Covid-19: Record-high case numbers and Swedish school closures

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Covid-19: Record-high case numbers and Swedish school closures
The Västra Götaland region has reported record-high numbers of PCR tests and record-high positive cases of Covid-19 in the past week. Photo: Fredrik Sandberg/TT

The region of Västra Götaland - where Gothenburg, Sweden's second largest city, is located - reported 44,791 positive cases of Covid-19 last week, the highest number in a single week since the pandemic began.


Västra Götaland also reported the highest number of PCR tests taken in a single week during the pandemic, 130,554 tests. Many in the region have experienced delays in booking tests and receiving results, meaning that there are probably even more infections than reported, the region said in a press statement.

Across the country, almost 140,000 new cases of Covid-19 have been reported since last Thursday. Last week, the Public Health Agency altered testing recommendations for regions, meaning that many regions no longer offer free PCR testing for the public. This has led many individuals to take at-home antigen tests, which are not registered in official figures.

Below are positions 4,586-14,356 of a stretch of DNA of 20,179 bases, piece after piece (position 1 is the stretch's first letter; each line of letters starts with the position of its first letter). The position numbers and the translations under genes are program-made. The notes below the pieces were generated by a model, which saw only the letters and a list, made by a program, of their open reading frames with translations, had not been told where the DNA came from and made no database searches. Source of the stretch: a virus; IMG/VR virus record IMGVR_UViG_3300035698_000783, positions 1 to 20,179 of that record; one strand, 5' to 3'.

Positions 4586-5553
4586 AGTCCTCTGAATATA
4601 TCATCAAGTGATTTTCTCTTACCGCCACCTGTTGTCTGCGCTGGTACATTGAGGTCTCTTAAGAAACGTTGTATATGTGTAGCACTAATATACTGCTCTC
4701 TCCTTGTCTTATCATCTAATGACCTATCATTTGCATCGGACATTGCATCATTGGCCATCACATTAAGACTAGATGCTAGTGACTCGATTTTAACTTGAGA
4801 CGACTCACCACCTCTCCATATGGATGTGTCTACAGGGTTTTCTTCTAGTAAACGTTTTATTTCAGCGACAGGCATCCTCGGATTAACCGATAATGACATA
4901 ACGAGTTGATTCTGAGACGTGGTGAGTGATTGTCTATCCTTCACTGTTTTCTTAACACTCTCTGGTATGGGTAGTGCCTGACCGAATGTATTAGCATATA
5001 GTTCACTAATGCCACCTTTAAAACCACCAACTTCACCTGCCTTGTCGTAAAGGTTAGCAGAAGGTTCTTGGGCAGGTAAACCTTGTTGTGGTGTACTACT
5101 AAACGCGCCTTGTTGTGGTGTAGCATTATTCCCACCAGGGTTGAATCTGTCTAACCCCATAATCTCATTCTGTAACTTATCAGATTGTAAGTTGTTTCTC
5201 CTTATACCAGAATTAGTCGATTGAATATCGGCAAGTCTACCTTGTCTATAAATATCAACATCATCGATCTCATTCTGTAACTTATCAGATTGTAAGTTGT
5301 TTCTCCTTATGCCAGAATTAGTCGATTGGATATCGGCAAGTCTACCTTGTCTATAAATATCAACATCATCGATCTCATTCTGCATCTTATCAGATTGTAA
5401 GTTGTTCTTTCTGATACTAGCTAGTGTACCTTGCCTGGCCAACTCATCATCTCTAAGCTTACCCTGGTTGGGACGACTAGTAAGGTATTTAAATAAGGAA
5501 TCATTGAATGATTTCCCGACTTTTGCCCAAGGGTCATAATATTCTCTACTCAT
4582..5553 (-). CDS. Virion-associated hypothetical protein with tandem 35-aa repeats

In Stockholm region, 22 percent of school teachers were absent last week due to illness or quarantine, and five schools are closed, with more to come, newspaper DN reports.

So far this year, the city have introduced distance learning at 28 of the city's 146 schools due to high absence or infection.

"Currently, it's above all about staff absence. Until now we've only needed distance learning partly in some schools, in certain classes or year groups, and the decisions to do so only last a few days," Teddy Söderberg, one of Stockholm's primary school heads told DN.


Absences vary between different areas of the city, schools and year groups, as well as among staff groups and student groups. In some schools there have even been issues with school catering.

"We managed to solve one urgent issue by transporting cooked food from one school to another. It's exhausting getting everything to work. We have a lot of employees doing a fantastic job now and a lot of coordinated efforts have meant we can hold our heads above water in this difficult situation," Söderberg told DN.

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